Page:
Previous posters caught some of the key issues. I'll throw in some other things you're achieving with a SAN,
1. Scalability. While you are right that it's possible to match the performance of a SAN disk-for-disk with a small number of disks, a SAN gives you shelf and frame space to scale far beyond. I've managed SANs with hundreds of disk spindles, which is something I'm not going to accomplish with Newegg parts. At the higher end, it's nice for scalability to be as simple as putting another shelf of disks onto the chassis.
2. Feature richness. If you've got the money, a SAN can be a starting point for snapshotting, realtime site-to-site replication, DR, integrated SAN/NAS-to-tape backup systems and so forth. Some of this is fluff, but sometimes it's quite useful. Then there's this whole new emerging field of built in ILM and compliance capabilities that, while I consider to be largely bureaucratic/overhead, is still a fact of life in many environments.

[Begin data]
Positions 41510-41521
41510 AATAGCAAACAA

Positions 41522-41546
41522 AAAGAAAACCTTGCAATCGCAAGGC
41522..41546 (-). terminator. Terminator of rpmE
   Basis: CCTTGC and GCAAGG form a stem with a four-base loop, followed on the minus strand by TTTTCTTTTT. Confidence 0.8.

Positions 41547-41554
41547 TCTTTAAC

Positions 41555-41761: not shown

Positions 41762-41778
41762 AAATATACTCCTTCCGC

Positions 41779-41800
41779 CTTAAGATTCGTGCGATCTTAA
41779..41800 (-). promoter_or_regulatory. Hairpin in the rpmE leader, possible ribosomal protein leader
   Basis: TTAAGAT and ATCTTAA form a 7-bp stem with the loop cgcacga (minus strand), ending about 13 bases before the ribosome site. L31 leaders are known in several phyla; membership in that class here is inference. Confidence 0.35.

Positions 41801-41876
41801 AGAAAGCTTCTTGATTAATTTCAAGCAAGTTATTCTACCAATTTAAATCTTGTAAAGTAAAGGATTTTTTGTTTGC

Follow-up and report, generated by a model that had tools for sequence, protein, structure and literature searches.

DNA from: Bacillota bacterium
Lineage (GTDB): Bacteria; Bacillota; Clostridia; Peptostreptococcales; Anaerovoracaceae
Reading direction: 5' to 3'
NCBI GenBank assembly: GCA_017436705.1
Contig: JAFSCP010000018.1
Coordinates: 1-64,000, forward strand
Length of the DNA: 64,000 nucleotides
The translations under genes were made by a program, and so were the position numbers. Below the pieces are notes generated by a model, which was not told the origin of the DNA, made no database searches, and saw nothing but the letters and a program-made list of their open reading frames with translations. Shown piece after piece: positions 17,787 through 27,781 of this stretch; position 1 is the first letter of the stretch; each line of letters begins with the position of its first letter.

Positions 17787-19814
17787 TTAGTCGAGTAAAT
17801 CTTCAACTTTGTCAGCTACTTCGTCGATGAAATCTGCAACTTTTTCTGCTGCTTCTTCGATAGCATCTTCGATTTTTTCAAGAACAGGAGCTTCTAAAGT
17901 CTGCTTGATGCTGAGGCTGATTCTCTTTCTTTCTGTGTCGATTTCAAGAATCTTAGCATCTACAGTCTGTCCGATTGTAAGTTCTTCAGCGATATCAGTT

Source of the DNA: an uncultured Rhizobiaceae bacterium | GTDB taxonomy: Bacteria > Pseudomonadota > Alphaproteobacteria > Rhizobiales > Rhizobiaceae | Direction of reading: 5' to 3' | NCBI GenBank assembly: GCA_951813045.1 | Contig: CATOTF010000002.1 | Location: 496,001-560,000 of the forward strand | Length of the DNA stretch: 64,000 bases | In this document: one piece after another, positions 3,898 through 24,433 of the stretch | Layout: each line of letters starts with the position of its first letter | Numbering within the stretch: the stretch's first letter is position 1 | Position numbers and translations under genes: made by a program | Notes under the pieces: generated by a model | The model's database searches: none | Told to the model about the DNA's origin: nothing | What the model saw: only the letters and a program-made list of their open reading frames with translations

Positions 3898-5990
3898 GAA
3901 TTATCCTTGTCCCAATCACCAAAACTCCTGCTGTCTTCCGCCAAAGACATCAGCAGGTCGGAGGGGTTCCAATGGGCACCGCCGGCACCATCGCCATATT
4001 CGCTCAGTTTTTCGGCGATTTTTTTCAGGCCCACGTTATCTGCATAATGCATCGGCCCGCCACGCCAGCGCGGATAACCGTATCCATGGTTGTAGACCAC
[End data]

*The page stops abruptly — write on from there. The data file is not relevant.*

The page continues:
3. Performance. Disk for disk I'm not going to get a six-figure or seven-figure storage system so that my 5 disk RAID volume is faster. But again you do see higher ceilings. I've had requirements for sustained gigabyte-per-second-to-host throughput for extremely large data warehousing environments; this is something I can accomplish easily with multiple 4Gb fiber paths load balanced to a host, with 40 or more disks behind them. Again, more difficult to achieve with Newegg parts.
4. Support. SANs have dial-home capabilities for making service calls.
5. Integrated software stack certification. If I'm running a clustered database using some sort of raw or semi-raw clustered filesystem accessed via all nodes over multiple paths... well, EMC and its ilk have a complete, certified solution stack to handle all these piece. No mucking about with a Linux multipath package of tweaking an OS i/o scheduler or the like. I've dealt with -many- "issues" in the storage interface software subsystem in high performance database clusters to have recognized the need for solutions that have been field tested. vs. solutions that some lone consultant put together reading HOWTOs.